There are currently not many devices that have native support for CCSS. Even as the devices become available there may be other reasons why one may choose to not take advantage of the native abilities and stick with the generic implementation. The generic implementation is quite capable and could be greatly enhanced by adding device state capabilities. A phone could then subscribe to the device state with a BLF key in conjunction with Asterisk hints.
The advantages of the device state information would allow a single button to: request CCSS, cancel a CCSS request, and display the current state of a CCSS request.
For example, you may have a single button that when not lit, there is no active CCSS request. When you press that button, the dialplan can query the
DEVICE_STATE() associated with that caller to determine whether they should be calling
CallCompletionCancel(). If there is currently a pending request, then the dialplan would cancel it. This also has the advantage of showing the true state of a request, which is an asynchronous call, even when
CallCompletionRequest() thinks it was successful. The actual request could ultimately fail. Once lit, further feedback can be provided to the caller about the current state of their request since it will be updated by the CCSS State Machine as appropriate.
DEVICE_STATE mapping is configurable since the BLF being used on a given phone type may vary. The idea is to allow some level of customization as to the phone's behavior.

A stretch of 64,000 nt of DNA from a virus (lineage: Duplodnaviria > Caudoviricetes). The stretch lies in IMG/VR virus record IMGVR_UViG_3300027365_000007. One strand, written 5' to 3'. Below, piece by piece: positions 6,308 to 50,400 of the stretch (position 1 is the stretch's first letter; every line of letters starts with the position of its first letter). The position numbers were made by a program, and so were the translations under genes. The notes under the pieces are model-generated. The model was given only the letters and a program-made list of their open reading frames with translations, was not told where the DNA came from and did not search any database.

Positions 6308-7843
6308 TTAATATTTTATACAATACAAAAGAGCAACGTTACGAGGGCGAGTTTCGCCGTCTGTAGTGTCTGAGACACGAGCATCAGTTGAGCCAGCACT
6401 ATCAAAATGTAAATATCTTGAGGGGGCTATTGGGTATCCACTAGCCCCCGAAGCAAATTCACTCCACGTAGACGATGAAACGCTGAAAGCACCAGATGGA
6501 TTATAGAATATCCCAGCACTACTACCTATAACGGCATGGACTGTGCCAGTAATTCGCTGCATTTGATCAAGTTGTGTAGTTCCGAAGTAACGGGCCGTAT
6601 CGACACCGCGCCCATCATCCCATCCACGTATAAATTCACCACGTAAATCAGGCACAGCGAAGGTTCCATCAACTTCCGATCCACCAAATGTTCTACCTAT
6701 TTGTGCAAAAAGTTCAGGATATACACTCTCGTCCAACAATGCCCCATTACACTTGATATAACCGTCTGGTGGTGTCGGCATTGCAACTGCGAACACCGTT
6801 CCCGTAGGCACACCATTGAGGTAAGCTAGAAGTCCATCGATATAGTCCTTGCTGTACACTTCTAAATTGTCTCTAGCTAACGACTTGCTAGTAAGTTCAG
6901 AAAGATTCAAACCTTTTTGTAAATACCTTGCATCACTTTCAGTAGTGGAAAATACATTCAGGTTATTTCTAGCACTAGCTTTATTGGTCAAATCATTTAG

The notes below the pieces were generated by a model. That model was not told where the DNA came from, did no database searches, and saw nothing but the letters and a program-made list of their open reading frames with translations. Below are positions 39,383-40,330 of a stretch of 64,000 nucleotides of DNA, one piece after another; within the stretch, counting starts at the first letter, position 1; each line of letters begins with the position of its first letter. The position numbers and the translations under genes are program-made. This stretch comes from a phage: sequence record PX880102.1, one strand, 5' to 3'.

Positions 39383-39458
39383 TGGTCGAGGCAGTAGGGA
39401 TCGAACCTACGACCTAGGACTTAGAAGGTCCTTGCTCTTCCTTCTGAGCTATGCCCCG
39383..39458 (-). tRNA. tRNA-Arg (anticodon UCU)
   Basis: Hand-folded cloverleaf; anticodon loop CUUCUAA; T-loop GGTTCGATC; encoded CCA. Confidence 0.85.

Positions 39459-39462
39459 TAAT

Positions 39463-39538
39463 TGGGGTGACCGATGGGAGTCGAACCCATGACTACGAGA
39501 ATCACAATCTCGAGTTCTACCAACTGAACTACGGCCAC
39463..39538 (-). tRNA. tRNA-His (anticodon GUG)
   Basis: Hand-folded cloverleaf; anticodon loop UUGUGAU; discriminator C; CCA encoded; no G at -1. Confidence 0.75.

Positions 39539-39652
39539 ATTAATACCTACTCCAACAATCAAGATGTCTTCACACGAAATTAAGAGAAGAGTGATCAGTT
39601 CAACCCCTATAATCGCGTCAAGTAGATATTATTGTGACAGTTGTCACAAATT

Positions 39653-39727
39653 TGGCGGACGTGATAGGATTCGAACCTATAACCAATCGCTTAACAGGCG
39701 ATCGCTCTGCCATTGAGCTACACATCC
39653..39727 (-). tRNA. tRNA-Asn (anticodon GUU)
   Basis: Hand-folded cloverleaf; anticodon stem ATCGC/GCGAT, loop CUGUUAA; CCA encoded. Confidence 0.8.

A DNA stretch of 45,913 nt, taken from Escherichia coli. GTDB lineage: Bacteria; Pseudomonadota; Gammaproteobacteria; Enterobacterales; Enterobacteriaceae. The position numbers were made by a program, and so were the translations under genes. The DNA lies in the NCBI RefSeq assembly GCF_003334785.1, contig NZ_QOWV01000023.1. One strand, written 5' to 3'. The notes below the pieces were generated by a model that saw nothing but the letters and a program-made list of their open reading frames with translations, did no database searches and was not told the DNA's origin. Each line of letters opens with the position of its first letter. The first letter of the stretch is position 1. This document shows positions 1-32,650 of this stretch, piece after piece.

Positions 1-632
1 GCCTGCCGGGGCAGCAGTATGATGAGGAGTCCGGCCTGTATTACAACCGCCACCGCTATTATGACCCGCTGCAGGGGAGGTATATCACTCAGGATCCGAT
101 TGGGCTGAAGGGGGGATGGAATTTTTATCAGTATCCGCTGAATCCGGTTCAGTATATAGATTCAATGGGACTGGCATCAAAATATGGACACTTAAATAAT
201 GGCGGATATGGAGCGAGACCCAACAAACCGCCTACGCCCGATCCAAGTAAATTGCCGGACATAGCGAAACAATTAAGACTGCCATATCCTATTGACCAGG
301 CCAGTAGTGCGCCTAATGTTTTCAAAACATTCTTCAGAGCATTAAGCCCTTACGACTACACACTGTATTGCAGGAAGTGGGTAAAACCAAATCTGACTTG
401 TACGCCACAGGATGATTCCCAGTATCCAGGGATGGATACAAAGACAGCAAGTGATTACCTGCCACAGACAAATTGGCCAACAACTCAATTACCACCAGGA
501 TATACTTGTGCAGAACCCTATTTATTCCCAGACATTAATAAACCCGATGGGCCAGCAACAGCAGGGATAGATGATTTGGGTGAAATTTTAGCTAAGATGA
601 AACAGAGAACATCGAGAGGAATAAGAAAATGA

As an example, you may want the BLF key to go solid once you have requested a callback. You may then want the LED to blink (typically ringing) when either the callback is in process, which is a visual indication that the incoming call is the desired callback. You may want it to blink when the callee is ready but you are busy, giving you a visual indication that the target is available as you may want to get off the line so that the callback can be successful.
Device state information is sent back via the
ast_devstate_prov_add() callback for any generic CCSS device as it traverses through the state machine. You simply provide a map between
CC_STATE values and the corresponding
AST_DEVICE state values.
You could then generate hints against these states similar to what is possible today with Custom Devstates or MeetMe states. For example, you may have an extension 3000 that is currently associated with device
SIP/3000. You could then create a feature code for that extension that may look something like:
You would then subscribe a BLF button to
*823000 which would point to the dialplan that handled CCSS requests/cancels using the available
DEVICE_STATE() information about
ccss:sip/3000 to make the decision about what to do.